The mother of a "supremely courageous and inspiring" soldier awarded a posthumous Victoria Cross for his valour in Afghanistan said she misses him and his smile "so much".
Lance Corporal James Ashworth, 23, will receive the medal in recognition of his "extraordinary courage" while serving with the 1st Battalion The Grenadier Guards in Helmand province last year.
But wiping away tears, his mother Kerry, 44, said that although the award had made her "ecstatically happy", the announcement had brought back the pain of his death too.
"I miss his smile. He's got the best smile anyone could ever have. He always smiles... and his hugs. I just love him so much," she said.
"(This award) doesn't make it easier but it does make it feel that it wasn't for nothing, he was making a difference out there and James believed in his job.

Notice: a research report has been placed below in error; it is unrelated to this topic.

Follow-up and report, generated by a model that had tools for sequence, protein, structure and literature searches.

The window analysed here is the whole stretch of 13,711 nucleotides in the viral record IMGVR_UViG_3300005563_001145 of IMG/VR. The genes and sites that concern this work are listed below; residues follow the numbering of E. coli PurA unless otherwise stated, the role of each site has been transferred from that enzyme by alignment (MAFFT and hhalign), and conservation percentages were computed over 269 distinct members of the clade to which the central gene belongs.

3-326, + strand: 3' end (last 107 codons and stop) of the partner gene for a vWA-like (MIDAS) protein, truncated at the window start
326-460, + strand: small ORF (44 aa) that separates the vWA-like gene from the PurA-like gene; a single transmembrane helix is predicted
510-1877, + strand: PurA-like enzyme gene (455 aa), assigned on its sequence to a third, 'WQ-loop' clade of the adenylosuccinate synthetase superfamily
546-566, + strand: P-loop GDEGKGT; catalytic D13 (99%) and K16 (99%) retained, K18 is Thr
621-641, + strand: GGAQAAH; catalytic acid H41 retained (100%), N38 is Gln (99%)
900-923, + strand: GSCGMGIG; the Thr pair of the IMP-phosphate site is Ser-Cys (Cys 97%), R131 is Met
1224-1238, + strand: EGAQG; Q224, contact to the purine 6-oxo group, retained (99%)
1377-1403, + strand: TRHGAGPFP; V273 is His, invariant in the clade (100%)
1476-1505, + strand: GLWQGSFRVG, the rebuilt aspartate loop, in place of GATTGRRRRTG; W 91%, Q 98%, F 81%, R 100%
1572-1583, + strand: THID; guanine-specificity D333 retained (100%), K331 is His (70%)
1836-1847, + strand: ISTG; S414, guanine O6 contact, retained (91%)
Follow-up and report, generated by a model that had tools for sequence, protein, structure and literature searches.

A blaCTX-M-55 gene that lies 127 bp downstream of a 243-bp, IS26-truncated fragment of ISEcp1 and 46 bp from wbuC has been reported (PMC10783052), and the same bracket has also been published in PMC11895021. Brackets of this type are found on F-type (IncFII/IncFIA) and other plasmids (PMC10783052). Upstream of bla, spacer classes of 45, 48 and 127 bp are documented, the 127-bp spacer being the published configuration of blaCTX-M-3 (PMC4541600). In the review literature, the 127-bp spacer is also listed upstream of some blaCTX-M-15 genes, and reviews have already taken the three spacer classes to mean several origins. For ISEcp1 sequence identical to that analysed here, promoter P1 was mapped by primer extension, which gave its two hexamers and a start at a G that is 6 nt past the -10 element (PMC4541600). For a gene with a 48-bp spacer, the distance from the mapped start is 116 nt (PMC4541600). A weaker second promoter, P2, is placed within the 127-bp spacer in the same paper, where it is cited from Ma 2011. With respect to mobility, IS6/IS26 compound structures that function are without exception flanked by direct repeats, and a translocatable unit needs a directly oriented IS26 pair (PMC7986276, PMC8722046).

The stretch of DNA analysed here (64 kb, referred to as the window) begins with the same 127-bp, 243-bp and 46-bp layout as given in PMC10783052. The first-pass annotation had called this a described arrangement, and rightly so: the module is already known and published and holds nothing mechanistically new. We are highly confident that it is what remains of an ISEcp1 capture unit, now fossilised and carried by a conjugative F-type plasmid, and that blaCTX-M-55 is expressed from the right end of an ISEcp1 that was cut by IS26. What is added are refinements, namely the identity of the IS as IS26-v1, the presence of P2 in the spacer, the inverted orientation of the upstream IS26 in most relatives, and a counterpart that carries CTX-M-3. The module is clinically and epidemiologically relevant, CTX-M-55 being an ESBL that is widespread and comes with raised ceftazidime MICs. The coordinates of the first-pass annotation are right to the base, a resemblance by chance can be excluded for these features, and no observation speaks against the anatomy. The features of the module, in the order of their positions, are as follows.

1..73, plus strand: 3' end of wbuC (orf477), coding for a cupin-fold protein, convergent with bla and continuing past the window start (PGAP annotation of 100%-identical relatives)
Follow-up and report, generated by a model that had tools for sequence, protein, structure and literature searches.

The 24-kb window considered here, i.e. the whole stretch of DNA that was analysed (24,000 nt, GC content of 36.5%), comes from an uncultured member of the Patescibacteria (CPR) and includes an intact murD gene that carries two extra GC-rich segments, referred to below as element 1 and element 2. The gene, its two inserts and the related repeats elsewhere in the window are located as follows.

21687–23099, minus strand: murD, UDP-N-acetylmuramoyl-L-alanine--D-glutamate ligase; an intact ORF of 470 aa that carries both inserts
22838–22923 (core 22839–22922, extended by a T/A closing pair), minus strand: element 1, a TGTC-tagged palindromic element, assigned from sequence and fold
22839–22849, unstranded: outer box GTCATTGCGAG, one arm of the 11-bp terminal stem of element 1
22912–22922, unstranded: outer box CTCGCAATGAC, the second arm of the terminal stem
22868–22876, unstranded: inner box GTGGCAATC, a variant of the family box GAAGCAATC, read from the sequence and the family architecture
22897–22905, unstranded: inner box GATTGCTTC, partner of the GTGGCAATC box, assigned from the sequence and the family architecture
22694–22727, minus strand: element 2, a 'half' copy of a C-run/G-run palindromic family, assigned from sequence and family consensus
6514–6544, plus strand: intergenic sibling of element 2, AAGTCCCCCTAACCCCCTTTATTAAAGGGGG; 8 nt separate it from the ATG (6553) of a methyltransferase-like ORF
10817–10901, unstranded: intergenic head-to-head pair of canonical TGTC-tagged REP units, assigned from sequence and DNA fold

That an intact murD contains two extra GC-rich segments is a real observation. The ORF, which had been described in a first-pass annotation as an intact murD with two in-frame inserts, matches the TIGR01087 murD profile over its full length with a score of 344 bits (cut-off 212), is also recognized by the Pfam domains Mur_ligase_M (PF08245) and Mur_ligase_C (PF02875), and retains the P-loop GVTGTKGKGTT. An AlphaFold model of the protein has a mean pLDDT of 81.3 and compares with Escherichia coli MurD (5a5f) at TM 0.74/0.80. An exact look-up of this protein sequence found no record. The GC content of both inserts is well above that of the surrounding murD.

"We just miss him so much, but this award is not just for James it's for everybody who fights and who has been injured and the whole town is so proud of him."
Mrs Ashworth, L/Cpl Ashworth's father Duane and his younger brother Coran - also a serving soldier - were present when the citation for awarding the country's highest award for gallantry was read out at the Grenadier Guards barracks in Aldershot, Hampshire.
L/Cpl Ashworth, from Corby, Northamptonshire, was killed as he stormed an insurgent position in the Nahr-e-Saraj district of Helmand in June 2012.
The citation read: "Despite the ferocity of the insurgent's resistance, Ashworth refused to be beaten. His total disregard for his own safety in ensuring that the last grenade was posted accurately was the gallant last action of a soldier who had willingly placed himself in the line of fire on numerous occasions earlier in the attack.
"This supremely courageous and inspiring action deserves the highest recognition."